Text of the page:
International trade, exit and entry: A cross-country and industry analysis
This paper examines the impact of globalisation, by means of growing international trade, on firm entry and exit at the industry level. The analysis is carried on the manufacturing industries of eight European countries, over the period 1997–2003. Our main findings suggest important entry-discouraging effects in the short run, following increased trade exposure. Using panel estimation techniques, the empirical evidence points to less creative replacement entry in industries characterised by substantial import intensity, and strong selection and higher entry barriers in industries characterised by higher openness through the export channel. The negative effects of trade openness are milder if the increasing trade exposure concerns intra-industry trade, coupled mainly with international sourcing of intermediates within the industry. The latter effects also show up in the model explaining the exit of firms, which we estimate jointly with entry.
If you experience problems downloading a file, check if you have the proper application to view it first. In case of further problems read the IDEAS help page. Note that these files are not on the IDEAS site. Please be patient as the files may be large.
As the access to this document is restricted, you may want to look for a different version under "Related research" (further below) or search for a different version of it.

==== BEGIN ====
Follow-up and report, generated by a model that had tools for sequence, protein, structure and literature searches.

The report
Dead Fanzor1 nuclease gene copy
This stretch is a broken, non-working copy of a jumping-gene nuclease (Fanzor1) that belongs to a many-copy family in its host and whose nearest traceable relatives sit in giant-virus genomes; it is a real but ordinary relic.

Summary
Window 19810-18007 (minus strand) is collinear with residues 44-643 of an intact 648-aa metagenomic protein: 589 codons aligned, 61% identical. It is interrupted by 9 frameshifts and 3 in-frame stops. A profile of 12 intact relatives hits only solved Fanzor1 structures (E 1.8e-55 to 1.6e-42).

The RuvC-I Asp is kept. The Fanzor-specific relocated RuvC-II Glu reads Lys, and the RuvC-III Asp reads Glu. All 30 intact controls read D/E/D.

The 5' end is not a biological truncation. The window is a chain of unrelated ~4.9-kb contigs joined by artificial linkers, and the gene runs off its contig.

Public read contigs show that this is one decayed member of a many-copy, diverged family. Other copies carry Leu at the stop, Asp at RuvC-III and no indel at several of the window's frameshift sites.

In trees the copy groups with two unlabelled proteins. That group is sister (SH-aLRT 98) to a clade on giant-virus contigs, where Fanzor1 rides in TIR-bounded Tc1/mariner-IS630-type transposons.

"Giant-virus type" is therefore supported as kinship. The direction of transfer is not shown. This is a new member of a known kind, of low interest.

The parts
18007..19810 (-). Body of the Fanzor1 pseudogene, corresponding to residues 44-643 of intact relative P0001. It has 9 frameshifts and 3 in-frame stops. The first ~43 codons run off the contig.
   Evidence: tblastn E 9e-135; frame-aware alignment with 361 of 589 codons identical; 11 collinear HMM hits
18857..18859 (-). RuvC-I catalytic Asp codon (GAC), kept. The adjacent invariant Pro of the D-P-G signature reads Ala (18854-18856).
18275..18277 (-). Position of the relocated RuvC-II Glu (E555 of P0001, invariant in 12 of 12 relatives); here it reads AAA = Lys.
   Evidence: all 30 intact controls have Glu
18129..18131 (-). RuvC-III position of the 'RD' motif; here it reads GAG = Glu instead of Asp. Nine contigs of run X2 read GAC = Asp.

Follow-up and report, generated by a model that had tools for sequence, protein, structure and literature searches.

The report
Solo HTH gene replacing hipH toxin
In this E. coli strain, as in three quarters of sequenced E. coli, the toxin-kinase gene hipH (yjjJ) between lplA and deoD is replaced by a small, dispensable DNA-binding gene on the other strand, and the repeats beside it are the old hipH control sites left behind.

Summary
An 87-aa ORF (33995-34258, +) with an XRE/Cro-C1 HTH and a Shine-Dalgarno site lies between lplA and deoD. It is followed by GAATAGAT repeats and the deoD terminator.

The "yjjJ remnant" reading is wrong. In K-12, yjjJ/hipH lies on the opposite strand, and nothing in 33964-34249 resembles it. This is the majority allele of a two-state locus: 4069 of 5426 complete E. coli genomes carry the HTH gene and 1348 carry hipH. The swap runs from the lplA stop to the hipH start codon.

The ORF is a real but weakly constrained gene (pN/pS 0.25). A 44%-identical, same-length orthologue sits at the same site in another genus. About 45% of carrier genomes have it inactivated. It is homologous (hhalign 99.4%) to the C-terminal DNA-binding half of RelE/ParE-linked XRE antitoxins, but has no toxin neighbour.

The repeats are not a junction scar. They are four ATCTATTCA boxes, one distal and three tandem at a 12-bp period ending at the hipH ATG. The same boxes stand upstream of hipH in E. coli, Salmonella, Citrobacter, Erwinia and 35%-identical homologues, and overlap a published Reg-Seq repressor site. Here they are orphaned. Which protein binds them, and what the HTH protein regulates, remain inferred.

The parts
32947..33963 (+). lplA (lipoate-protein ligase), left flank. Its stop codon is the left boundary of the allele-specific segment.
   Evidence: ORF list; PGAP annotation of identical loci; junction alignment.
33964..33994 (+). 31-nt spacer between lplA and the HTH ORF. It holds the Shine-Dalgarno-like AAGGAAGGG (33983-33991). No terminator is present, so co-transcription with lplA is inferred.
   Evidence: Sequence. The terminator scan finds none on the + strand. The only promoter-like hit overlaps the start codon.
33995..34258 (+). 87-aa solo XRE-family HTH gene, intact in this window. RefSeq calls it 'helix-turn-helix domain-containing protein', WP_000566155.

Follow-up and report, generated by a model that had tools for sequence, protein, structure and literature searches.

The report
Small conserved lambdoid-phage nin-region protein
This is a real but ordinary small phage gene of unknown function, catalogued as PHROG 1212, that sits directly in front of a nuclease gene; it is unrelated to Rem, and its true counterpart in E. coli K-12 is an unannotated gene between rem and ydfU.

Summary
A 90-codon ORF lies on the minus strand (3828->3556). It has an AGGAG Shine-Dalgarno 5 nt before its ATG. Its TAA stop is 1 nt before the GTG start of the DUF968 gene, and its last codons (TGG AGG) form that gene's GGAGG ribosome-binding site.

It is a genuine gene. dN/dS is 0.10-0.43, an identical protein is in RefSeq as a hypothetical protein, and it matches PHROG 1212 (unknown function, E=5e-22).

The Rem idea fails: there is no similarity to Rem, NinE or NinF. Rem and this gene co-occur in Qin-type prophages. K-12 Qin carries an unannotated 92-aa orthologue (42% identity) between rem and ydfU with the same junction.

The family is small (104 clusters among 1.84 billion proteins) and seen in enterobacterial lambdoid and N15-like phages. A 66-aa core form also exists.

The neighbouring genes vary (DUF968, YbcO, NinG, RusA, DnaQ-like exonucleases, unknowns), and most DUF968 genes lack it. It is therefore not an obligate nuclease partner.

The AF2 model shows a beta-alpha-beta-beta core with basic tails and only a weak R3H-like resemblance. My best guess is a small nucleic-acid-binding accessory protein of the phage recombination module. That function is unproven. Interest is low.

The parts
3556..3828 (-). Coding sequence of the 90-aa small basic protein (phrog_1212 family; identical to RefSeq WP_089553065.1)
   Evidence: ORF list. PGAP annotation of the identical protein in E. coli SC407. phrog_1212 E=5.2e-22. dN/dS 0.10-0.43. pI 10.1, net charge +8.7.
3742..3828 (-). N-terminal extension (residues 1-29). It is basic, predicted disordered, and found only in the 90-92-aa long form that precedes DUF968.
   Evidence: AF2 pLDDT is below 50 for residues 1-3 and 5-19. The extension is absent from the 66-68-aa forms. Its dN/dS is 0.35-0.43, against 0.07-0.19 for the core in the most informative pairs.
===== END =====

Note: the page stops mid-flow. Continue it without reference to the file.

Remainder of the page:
Volume (Year): 41 (2010)
Issue (Month): 7 (September)
|Contact details of provider:|| Web page: http://www.palgrave-journals.com/|
Web page: https://aib.msu.edu/
|Order Information:||Web: http://www.springer.com/business+%26+management/journal/41267/PS2|
When requesting a correction, please mention this item's handle: RePEc:pal:jintbs:v:41:y:2010:i:7:p:1240-1257. See general information about how to correct material in RePEc.
For technical questions regarding this item, or to correct its authors, title, abstract, bibliographic or download information, contact: (Sonal Shukla)or (Rebekah McClure)
If you have authored this item and are not yet registered with RePEc, we encourage you to do it here. This allows to link your profile to this item. It also allows you to accept potential citations to this item that we are uncertain about.
If references are entirely missing, you can add them using this form.
If the full references list an item that is present in RePEc, but the system did not link to it, you can help with this form.
If you know of missing items citing this one, you can help us creating those links by adding the relevant references in the same way as above, for each refering item. If you are a registered author of this item, you may also want to check the "citations" tab in your profile, as there may be some citations waiting for confirmation.
Please note that corrections may take a couple of weeks to filter through the various RePEc services.